Cash Flow Duration and the Term Structure of Equity Returns
- Michael Weber
- A version of the paper can be found here.
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What are the research questions?
Some background on Bond duration: Duration measures bond’s price sensitivity to interest rates changes. It’s estimated based on the discounted expectations of the bond future cash flows and expressed in the number of years. The longer the duration, the higher the bond interest rate risk. (read more: Bond Performance when Interest Rates Spike)
Dechow, Sloan, and Soliman (2004) employs this duration techniques to evaluate equity risks. Following the traditional Macaulay duration, they construct a discounted cash flow forecasting model for stocks as well. Contrary to bonds, stocks do not have a well-defined finite maturity and cash flows are not that predictable. So their formula is built with a finite forecasting period and an infinite terminal value. Their study finds that similar to bonds, stocks with higher cash-flow duration are associated with high return volatilities and betas (i.e., higher risks.)
This recent research by Dr. Weber re-examines the term structure of equity returns. With the primary question being:
- Does stock cash flow duration impact returns?
- What could be causing the mispricing of long duration stocks?
What are the Academic Insights?
At the end of June each year t from 1963 to 2013, Weber sorts stocks into 10 portfolios based on cash-flow duration and rebalances the equal-weighted portfolio on an annual basis.
- YES. A L/S strategy longing low-duration stocks (D1) and shorting high-duration stocks (D10) generates a statistically significant monthly alpha of 1.29%. See the table below.
So now that we’ve recognized that there is variation between low duration and high duration returns we should explore the second main question of this paper, WHY?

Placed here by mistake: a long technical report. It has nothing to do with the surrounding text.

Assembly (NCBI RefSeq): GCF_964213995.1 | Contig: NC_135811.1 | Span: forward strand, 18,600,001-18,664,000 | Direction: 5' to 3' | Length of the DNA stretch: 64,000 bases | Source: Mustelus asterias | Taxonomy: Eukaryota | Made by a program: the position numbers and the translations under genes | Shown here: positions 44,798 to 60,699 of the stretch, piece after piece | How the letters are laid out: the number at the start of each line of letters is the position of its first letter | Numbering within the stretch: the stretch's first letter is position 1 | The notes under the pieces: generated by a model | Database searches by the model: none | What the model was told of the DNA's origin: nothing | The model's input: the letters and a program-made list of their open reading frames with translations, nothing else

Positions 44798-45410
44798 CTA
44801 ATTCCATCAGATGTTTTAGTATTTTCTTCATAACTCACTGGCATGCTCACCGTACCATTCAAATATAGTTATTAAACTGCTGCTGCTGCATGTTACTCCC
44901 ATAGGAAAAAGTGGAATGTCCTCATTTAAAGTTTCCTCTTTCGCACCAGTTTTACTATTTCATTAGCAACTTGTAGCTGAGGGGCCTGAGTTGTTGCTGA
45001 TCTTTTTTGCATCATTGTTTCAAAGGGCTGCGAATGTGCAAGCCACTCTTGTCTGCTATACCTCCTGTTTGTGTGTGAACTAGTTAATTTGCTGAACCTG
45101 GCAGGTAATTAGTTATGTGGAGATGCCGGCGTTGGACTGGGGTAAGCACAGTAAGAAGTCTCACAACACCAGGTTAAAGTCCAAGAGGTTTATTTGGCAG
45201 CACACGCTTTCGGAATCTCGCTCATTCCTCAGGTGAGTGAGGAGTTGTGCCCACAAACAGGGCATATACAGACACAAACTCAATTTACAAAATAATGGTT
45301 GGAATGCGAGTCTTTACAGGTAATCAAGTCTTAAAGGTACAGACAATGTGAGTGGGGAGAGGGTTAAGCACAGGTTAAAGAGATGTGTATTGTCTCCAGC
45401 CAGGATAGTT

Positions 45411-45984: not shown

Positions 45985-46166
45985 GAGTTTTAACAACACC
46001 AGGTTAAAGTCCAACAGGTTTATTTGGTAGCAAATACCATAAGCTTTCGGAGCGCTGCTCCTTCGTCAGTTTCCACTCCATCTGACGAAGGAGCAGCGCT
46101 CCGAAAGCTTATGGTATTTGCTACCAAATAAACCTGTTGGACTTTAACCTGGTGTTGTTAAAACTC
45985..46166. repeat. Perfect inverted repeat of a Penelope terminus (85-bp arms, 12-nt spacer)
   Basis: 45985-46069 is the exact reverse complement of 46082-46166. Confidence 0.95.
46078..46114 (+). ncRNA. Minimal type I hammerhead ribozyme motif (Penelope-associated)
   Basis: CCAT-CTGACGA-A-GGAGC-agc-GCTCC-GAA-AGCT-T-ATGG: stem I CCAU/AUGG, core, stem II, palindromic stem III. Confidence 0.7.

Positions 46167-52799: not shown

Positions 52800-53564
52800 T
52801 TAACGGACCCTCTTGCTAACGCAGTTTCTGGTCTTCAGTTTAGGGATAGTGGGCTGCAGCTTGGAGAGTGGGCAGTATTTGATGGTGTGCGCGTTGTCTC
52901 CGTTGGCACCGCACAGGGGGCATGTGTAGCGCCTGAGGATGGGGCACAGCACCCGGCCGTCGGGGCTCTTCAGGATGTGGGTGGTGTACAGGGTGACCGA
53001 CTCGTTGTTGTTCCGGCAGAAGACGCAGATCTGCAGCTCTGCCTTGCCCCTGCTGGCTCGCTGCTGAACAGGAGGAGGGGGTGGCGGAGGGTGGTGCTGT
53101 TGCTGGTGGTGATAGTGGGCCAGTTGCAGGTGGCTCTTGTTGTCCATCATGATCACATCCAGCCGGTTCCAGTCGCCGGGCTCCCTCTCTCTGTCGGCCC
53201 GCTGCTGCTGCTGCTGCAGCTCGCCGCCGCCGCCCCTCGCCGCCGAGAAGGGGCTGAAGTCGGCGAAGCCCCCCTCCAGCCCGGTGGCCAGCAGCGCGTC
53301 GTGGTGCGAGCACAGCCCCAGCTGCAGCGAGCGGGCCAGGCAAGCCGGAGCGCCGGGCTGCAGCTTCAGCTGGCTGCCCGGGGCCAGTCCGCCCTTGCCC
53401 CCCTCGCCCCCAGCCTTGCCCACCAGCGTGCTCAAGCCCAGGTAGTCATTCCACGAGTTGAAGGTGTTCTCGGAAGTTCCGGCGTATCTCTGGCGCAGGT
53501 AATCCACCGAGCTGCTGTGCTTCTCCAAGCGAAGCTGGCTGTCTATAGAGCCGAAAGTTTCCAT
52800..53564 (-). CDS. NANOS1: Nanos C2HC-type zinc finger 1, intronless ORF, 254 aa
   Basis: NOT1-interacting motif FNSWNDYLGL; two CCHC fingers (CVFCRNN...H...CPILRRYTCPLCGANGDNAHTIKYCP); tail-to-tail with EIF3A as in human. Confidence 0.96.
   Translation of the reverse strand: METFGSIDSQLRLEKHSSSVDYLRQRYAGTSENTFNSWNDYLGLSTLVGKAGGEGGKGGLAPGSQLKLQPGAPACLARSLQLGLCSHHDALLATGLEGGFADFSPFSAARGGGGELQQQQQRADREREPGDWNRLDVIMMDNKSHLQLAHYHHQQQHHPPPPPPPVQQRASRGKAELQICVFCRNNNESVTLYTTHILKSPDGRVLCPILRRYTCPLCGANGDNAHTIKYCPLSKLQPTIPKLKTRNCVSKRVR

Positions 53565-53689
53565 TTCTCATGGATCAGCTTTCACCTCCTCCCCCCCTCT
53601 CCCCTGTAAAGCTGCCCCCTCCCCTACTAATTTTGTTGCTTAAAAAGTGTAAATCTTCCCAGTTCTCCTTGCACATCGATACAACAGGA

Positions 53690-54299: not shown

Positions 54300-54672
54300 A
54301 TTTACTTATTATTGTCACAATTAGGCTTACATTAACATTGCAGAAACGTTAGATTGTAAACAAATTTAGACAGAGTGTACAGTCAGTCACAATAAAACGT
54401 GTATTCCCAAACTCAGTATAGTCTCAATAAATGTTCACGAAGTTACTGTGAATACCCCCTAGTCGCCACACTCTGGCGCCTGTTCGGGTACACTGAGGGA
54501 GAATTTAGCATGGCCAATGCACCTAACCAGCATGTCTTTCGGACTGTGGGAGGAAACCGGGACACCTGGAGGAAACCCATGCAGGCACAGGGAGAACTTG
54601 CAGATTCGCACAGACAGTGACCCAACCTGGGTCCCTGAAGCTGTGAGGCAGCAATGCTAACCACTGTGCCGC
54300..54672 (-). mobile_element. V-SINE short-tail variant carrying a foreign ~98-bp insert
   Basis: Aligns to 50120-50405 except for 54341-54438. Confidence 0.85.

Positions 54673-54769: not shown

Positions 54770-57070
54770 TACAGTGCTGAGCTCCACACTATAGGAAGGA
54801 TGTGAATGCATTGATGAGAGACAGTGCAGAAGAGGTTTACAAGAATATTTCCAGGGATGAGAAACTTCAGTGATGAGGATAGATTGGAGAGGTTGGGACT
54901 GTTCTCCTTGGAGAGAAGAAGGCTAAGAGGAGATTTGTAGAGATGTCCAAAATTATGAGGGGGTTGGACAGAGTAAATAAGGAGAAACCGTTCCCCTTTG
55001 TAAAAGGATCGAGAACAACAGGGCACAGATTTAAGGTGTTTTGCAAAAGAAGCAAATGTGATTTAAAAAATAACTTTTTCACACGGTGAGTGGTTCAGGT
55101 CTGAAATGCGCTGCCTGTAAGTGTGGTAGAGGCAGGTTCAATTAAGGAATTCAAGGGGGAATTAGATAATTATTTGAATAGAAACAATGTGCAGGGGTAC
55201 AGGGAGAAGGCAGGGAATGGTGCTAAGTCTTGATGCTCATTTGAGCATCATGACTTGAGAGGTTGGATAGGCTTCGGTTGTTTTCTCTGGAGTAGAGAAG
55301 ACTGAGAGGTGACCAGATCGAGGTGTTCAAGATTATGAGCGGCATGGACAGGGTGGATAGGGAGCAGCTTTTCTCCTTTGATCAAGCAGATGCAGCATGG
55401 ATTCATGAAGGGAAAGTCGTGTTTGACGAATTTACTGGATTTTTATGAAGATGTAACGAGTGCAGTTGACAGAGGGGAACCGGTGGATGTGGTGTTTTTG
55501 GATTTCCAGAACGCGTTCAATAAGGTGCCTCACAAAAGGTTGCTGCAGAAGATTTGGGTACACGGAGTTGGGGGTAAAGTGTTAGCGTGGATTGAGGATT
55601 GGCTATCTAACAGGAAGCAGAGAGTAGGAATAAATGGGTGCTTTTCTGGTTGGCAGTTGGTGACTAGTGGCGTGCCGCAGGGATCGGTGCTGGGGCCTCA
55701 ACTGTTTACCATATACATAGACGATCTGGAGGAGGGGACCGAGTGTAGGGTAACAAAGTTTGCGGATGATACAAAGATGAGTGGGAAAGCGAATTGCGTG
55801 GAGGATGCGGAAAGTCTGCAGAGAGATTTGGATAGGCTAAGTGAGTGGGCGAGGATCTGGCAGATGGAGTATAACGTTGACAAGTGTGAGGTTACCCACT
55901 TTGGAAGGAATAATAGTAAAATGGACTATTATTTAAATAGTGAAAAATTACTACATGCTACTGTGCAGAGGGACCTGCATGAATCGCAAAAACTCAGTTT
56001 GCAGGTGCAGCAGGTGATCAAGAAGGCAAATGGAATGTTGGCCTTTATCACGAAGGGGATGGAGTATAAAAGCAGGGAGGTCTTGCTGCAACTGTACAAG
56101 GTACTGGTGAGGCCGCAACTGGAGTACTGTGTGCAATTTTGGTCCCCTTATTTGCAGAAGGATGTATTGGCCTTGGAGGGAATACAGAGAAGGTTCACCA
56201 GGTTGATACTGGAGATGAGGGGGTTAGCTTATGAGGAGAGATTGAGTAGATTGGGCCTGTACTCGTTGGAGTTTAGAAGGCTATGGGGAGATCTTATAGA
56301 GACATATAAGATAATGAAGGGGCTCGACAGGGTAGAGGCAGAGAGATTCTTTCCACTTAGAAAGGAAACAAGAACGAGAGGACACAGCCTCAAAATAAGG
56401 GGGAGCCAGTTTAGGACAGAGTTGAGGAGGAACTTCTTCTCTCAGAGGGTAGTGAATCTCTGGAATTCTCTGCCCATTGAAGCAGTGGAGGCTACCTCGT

Upon further tests, the authors prove that existing risk factors cannot sufficiently explain this low-duration premium. What’s more, the premiums are stronger following periods of high investor sentiment, which indicates that human behavioral might be an explanation.
Weber hypothesizes that analysts tend to extrapolate from past earnings growth into the future. 5 words can explain this premium: Temporary Overpricing of High-duration Stocks.
To test his hypothesis, Weber studies the analyst’s earnings expectations of each of the 10 groups. The table below shows the evolution of the average portfolio long-term earnings growth (LTG) forecast from year 1 to year 5.
Key points: it’s about “Extrapolation Bias”…
- Panel A: In year 1, high-duration stocks enjoy higher analyst’s earnings expectations. From year 2-5, the analyst’s earnings forecast remains fairly stable for low-duration stocks. However, long-term earnings growth (LTG) falls by 7% for high-duration stocks.
- Panel B shows the realized 5-year growth in earnings. In year 1, high-duration stocks show much higher realized growth in earnings but the difference in growth rates disappears over the following five years.
- Panel C shows that high-duration stocks have negative earnings surprises.
2. All the results show that analysts have overly optimistic earnings expectations for high-duration stocks, but they adjust downwards over time.
Why does it matter?
Duration has been a key characteristic in the analysis of the bond market for a long time, maybe forever, but it’s a tool that has not been traditionally used by equity investors. This paper has pointed out that although it may be challenging to implement this to realize profits that doesn’t mean that being aware of cash flow durations in equities is a useless metric. 1
The term structure of equity returns is downward-sloping: stocks with high cash flow duration earn 1.10% per month lower returns than short-duration stocks in the cross section. I create a measure of cash flow duration at the firm level using balance sheet data to show this novel fact. Factor models can explain only 50% of the return differential, and the difference in returns is three times larger after periods of high investor sentiment. Analysts extrapolate from past earnings growth into the future and predict high returns for high-duration stocks following high-sentiment periods, contrary to ex-post realizations. I use institutional ownership as a proxy for short-sale constraints, and find the negative cross-sectional relationship between cash flow duration and returns is only contained within short-sale constrained stocks.
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- So if the trading profit opportunities exist, why isn’t everyone doing this? Weber says that the premiums are mainly attributable to the short leg. But in the real world, short-sale constraints are preventing smart arbitrageurs from correcting the mispricing. He uses institutional ownership as a proxy for short-sale constraints and then demonstrates his hypothesis. ↩